Industry gets ready to replace EU nationals with automation and leave UK workers with limited jobs and poor wages
A BREXIT OF AUTOMATION could leave UK workers with few job prospects and insecure wages as US companies plan to swoop in warehouses, shipping bays and other areas of light industry and services.
Their fears follow comments by leaders of robotic firms who say that the vote to leave the EU and the mass migration of EU nationals from the UK would create “a favourable market” for them to operate.
Outrage stems from the claims by the leave campaign which used inflammatory language to suggest EU migrants were to blame for joblessness and low wages and their departure would be “British jobs for British workers.”
However, the signal from business and the lack of a national conversation about a citizens income to counter the effects of automation has led to unions such as Unite Scotland and thinktanks like Common Weal warning of a “real threat” to workers jobs, wages and housing.
“We all need to share in the benefits of automation – and that should mean looking at things like cutting working hours without loss of pay, and protecting jobs through retraining, reskilling and redeployment.” Pat Rafferty
Ben Wray, head of policy at the socio-economic policy think tank Common Weal, said to CommonSpace: “This is yet more evidence that the anti-immigration rhetoric of the Leave campaign is now being exposed as totally hollow and superficial. If reduced immigration leads to increased automation, it won’t just be the jobs of immigrants that are replaced by robots – it will be a significant chunk of the UK-born population too. The Bank of England thinks it could be as much as 15 million UK jobs that could be under threat from automation.
“The lesson is that who controls the economy and in who’s interest it works for is many times more significant to jobs, wages and housing than the size of immigration into the UK. The tragedy of Brexit is that the legitimate concerns people have about declining living standards in the UK are going to be made many times worse by handing more power over to the British capitalist elite, who would happily replace your job with a robot if it means their profit margins will rise.”
A third of workers in UK industries such as retail, health, education, construction, forestry, insurance and shipping are from EU member states and have not yet been guarentteed their rights by the UK Government. The government has come under extreme pressure for what some have called its holding of EU nationals “as hostages” during the Brexit negotiations. There currently are 180,000 EU nationals residing in Scotland.
“This is yet more evidence that the anti-immigration rhetoric of the Leave campaign is now being exposed as totally hollow and superficial.” Ben Wray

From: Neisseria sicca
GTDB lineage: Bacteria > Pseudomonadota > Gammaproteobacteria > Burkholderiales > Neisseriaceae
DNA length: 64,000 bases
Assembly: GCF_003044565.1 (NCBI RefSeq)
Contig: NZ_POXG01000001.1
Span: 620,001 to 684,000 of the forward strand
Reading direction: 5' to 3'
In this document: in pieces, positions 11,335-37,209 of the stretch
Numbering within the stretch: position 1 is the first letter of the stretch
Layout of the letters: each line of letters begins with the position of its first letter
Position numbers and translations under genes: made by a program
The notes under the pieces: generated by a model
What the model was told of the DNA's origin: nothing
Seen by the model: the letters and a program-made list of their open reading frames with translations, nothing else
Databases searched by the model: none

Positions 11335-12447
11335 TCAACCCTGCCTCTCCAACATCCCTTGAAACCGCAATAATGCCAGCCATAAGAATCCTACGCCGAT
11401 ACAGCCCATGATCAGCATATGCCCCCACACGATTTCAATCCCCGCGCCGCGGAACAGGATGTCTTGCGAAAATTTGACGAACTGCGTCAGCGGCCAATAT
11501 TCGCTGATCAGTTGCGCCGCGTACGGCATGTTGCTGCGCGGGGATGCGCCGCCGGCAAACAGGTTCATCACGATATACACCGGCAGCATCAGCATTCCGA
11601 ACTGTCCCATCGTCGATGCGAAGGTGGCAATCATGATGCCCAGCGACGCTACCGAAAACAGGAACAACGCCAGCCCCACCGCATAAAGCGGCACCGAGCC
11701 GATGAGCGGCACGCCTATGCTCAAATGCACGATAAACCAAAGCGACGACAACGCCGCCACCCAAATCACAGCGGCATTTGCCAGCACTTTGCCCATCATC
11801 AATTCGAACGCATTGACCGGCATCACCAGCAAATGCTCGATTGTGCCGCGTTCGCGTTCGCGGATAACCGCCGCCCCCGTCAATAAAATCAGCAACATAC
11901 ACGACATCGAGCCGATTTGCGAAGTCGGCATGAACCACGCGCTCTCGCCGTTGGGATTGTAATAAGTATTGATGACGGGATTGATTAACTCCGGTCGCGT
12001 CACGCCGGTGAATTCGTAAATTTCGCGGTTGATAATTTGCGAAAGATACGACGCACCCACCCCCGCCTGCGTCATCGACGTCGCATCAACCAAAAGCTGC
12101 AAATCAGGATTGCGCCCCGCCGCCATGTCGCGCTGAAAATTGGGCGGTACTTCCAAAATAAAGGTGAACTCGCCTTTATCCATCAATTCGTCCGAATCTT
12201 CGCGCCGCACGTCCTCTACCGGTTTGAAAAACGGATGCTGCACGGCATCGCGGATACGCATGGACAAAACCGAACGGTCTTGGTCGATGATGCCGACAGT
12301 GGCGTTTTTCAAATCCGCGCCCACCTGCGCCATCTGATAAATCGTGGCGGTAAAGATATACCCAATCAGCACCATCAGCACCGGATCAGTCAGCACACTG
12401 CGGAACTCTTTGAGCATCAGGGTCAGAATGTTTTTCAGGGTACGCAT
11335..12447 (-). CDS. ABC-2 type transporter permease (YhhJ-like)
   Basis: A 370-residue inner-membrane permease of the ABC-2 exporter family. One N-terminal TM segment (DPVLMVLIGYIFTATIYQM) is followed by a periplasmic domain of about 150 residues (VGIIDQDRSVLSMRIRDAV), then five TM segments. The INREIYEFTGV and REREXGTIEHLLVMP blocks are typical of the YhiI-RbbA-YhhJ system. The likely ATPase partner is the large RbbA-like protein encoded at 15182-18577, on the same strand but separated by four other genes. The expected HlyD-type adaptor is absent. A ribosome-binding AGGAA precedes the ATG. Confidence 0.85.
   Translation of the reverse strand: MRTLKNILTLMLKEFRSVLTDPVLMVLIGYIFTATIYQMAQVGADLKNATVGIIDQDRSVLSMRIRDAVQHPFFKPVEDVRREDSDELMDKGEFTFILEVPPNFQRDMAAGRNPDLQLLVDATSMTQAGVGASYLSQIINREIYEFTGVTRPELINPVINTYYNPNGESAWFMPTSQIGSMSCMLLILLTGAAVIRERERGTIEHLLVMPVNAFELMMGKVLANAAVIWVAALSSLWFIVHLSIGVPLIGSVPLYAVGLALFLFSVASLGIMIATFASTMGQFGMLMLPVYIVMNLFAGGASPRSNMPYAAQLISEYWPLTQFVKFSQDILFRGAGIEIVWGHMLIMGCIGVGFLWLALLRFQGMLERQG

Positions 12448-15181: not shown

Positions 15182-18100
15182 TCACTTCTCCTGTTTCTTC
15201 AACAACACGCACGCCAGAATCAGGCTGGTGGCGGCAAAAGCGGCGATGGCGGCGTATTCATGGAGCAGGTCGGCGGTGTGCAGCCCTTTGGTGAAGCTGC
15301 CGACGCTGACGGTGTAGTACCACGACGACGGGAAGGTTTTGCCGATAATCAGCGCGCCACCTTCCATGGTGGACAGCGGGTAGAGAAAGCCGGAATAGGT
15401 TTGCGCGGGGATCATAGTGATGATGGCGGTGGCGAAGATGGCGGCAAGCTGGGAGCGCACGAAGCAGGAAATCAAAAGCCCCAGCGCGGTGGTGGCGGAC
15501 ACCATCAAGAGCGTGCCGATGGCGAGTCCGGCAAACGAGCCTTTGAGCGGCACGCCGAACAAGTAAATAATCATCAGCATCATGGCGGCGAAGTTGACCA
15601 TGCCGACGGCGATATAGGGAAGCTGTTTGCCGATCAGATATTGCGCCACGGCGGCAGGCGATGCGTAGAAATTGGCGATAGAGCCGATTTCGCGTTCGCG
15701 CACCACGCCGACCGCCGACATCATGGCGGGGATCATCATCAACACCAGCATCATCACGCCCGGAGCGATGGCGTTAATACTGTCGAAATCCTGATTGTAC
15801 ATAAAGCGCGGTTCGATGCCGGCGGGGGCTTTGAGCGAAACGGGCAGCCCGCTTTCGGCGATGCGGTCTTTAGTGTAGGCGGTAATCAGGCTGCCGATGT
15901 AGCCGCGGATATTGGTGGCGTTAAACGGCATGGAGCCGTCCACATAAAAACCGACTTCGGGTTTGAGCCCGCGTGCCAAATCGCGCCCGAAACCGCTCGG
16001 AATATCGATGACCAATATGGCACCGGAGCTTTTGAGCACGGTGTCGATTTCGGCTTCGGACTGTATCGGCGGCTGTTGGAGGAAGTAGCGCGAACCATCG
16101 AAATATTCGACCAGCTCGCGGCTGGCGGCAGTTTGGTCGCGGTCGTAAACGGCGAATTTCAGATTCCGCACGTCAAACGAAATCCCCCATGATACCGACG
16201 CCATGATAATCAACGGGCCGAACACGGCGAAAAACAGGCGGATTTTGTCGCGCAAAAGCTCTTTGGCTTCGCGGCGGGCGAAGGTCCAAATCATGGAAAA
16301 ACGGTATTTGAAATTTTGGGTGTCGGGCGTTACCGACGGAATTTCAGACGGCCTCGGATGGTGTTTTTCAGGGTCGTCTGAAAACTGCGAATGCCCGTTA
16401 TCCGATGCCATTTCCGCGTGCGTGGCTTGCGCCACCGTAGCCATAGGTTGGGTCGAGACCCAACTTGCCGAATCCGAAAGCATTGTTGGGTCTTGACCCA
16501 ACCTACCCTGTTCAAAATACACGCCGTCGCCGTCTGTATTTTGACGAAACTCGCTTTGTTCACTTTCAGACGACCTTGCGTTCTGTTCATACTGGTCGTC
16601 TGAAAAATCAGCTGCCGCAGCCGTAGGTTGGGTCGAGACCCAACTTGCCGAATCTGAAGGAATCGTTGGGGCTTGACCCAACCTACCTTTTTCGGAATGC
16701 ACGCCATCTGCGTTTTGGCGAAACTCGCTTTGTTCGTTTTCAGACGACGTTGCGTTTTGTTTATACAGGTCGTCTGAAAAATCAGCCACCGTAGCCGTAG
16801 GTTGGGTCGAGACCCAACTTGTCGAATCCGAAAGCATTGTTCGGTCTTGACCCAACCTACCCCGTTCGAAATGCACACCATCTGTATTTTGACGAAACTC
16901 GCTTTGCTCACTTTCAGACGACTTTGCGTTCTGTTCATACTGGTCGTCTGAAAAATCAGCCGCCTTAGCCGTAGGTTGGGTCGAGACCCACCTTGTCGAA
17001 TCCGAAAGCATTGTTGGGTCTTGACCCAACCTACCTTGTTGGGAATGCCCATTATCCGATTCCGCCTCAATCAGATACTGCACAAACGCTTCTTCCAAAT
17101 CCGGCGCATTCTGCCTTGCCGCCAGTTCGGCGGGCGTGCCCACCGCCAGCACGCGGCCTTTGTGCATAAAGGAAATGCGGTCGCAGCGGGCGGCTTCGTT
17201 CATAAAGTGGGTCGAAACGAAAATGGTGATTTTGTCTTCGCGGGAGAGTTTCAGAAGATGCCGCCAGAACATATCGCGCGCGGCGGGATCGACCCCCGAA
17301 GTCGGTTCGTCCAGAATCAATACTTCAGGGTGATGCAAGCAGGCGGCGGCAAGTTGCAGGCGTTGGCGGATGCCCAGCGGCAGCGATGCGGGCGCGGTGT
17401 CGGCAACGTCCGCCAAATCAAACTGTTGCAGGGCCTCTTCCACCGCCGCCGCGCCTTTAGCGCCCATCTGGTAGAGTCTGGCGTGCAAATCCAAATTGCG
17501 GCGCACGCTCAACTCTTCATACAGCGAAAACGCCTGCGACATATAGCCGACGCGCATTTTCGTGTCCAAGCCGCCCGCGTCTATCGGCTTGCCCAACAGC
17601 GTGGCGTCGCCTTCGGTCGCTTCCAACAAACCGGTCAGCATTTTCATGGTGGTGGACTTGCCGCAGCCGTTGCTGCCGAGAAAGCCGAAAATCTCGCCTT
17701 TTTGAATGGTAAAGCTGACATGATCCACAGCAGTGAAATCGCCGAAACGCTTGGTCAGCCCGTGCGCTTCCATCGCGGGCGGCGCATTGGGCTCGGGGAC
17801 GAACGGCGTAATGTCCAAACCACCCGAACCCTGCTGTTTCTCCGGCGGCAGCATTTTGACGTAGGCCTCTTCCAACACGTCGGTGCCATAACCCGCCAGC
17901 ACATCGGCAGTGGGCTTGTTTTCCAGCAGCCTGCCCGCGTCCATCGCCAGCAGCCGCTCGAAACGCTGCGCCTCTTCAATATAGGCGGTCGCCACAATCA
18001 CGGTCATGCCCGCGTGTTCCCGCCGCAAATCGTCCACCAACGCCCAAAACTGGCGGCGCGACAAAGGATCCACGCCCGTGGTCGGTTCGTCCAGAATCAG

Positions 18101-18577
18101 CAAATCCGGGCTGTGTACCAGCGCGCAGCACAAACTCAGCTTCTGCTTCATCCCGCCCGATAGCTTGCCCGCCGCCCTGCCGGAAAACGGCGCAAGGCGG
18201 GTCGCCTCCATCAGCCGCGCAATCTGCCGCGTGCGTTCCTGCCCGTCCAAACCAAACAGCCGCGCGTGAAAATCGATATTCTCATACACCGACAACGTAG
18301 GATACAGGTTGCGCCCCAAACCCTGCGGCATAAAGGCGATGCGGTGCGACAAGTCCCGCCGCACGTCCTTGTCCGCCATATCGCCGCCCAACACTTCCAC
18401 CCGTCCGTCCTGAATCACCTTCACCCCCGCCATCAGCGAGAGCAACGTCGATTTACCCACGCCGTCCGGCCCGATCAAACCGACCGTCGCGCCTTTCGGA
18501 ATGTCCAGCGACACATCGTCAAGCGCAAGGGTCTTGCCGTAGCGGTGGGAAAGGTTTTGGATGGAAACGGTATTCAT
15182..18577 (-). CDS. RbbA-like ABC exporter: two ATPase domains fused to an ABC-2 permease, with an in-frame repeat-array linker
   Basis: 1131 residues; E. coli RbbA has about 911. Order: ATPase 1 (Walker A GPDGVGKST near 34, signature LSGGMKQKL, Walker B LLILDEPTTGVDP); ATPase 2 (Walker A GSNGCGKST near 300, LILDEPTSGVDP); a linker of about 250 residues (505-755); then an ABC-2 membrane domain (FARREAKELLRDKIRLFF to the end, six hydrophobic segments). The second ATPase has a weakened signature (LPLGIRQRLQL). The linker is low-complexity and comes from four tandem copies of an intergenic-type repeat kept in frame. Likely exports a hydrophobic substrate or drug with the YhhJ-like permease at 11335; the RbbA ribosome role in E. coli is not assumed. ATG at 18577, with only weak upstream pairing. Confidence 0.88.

In addition to this, the jobs which EU nationals may leave would not go to UK nationals which campaigners stated exposed the lie before and during the EU referendum last year that a lack of migration automatically benefited workers in the UK. There is currently not plan by any of the major parties to bring forward a citizens income which some analysts have suggested would ease the effects of automation and rejuvenate the economy for working people. A UK government spokesperson for the department of business, innovation and skills said that any technological investment is “welcome” and that “British workers shall see benefits.”
The LocusBot made by Locus Robotics, a shoulder-high robot with a touch-screen as its head, has sensor technology allowing it to pick and find the most efficient route to an item before a human picker loads can load it onto the machine’s carrying tray. Costing $35,000, a robot is capable of boosting the number of items picked by a worker by 200 per cent to 500 per cent.
Bruce Welty, the founder of Wilmington, Massachusetts-based Locus Robotics, added: “Brexit is going to result in fewer being involved in this kind of work, it will make it a more attractive market for us.”
“The Bank of England thinks it could be as much as 15 million UK jobs that could be under threat from automation.” Ben Wray
Speaking to CommonSpace on the topics of automation and Brexit, Unite Scotland’s secretary Pat Rafferty said: “Unite believes that society should be using new technology not to replace workers, but to make life better for workers.
“We all need to share in the benefits of automation – and that should mean looking at things like cutting working hours without loss of pay, and protecting jobs through retraining, reskilling and redeployment.
“If we don’t, then we’ll just worsen Scotland’s existing jobs crisis – and everyone will suffer as a result.”
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